According to a recent study, studying hair samples might reveal valuable information on adolescent drug use, since nearly twice as many children used drugs than the number who admitted to it in a US survey.
Experts recommend that future substance use research incorporate survey and hair analysis data.
A new study shows that hair analysis may be the answer to understanding adolescent drug use. In a US survey, almost twice the number of children admitted to using drugs is found.
When adding hair analysis results to those from the survey, a peer-reviewed journal American Journal of Drug and Alcohol Abuse published a research looking at more than 1,300 children aged nine to 13.
Experts argue that hair analysis is far superior to surveying drug usage.
Natasha Wade, an assistant professor of psychology at the University of California, San Diego, said the research is critical.
Adolescent substance abuse is a serious public health problem, with 5% of US eighth graders (ages 13-14) reporting cannabis use in the last year. The numbers for alcohol and nicotine use are even higher, with 26% of 8th graders admitting to drinking and 23% to smoking nicotine in the past year.
These figures are sufficient to make you wonder if substance abuse during childhood is linked to a slew of adverse life outcomes, including poor academic achievement, mental health problems, and altered brain function.
What if the figures were longer lasting than this?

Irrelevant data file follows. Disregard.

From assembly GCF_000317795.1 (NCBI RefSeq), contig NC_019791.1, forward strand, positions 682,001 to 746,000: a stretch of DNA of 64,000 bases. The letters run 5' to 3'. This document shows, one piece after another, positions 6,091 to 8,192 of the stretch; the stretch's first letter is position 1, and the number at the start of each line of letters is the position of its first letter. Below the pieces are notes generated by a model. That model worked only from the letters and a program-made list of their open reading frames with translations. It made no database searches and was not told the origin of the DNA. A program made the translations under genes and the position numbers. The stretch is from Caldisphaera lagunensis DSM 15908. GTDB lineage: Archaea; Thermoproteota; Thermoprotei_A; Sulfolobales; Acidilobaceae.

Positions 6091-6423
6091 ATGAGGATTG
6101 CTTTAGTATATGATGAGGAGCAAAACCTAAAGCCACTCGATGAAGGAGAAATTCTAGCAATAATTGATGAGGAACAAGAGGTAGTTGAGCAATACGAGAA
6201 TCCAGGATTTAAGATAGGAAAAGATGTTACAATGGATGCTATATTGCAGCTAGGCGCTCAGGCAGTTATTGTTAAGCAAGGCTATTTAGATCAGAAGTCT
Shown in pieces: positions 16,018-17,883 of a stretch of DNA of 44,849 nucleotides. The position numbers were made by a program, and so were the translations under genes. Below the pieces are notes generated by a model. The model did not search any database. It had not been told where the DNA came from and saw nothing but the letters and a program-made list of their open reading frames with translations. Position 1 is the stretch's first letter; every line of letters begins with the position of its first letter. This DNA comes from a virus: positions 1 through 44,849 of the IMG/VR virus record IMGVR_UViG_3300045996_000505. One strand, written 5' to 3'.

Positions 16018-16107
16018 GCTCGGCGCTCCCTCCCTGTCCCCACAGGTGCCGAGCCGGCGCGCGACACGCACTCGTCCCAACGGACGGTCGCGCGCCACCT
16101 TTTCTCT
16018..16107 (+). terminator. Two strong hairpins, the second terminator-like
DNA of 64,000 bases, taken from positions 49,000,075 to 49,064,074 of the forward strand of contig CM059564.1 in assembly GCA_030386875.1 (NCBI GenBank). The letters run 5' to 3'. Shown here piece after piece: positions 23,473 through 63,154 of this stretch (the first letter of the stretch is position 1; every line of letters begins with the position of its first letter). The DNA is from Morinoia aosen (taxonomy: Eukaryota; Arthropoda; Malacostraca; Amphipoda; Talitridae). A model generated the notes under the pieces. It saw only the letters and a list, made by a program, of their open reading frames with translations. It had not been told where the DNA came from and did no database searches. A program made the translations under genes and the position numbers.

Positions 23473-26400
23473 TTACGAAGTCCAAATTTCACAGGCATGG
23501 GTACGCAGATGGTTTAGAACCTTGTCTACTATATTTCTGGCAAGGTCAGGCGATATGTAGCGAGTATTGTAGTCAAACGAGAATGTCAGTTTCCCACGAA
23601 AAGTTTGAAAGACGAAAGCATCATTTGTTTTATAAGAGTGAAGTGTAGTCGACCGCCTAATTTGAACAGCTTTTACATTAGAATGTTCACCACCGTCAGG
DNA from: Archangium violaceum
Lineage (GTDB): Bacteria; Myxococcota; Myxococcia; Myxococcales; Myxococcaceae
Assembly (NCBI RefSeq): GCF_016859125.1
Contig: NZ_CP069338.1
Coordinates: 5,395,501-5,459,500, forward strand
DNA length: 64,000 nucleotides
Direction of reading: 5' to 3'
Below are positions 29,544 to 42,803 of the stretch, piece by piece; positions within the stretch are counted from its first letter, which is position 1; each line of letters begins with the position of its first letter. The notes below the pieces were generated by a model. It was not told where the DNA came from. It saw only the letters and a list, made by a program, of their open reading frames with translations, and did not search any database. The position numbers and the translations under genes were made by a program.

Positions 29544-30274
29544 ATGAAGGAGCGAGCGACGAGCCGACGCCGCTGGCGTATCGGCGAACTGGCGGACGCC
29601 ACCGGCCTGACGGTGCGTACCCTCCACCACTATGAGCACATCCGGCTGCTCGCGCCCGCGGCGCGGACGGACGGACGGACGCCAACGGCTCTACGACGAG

A multidisciplinary expert group headed by Dr. Wade asked 1,390 children if they had taken any drugs in the last year. Hair samples were then taken as evidence that there had been a recent drug use.
10% of children said they had taken drugs. Alcohol, 1.9%, amphetamines, and 1.7% cocaine also tested positive for 10% of adolescents.
However, the children who self-reported drug use were different from those who tested positive with hair samples. In fact, of the 136 cases that self-reported any substance use, 145 that self-reported any substance use, matches were found for only 23 cases.
Moreover, hair drug testing revealed an additional 9% of substance use cases, almost double the number of identified substance users to 19%.
"Unfortunately, children may mis-report (unintentionally or intentionally) and say they take drugs when they don't," Dr. Wade adds.
“But measuring both can provide a more complete picture of teen substance use rather than eliminating self-reporting.
"Self-reporting has its drawbacks, for instance, young people may be more willing to admit drug use at an early age, but are less likely to do so when frequent drug craving patterns occur.
Hair assays aren't enough sensitive to detect just one standard alcoholic beverage or cigarette, but rather more effective at detecting frequent and moderate to severe drug use, according to a recent study.
"It's therefore crucial to combine both methods in order to accurately assess the prevalence of substance abuse among the young people."
The authors continue to point out that some, perhaps even many, of these youngsters are unaware that they ever used a substance, as it might have been given to them by a parent or peer, or they may have simply forgotten that they had used it.
Natasha E. Wade, Ryan M. Sullivan, William E. Pelham III, Marilyn A. Huestis, Krista M. Lisdahl, and Frank Haist, the American Journal of Drug and Alcohol Abuse, 22 February 2023. DOI: 10.1080/00952990.2023.2164931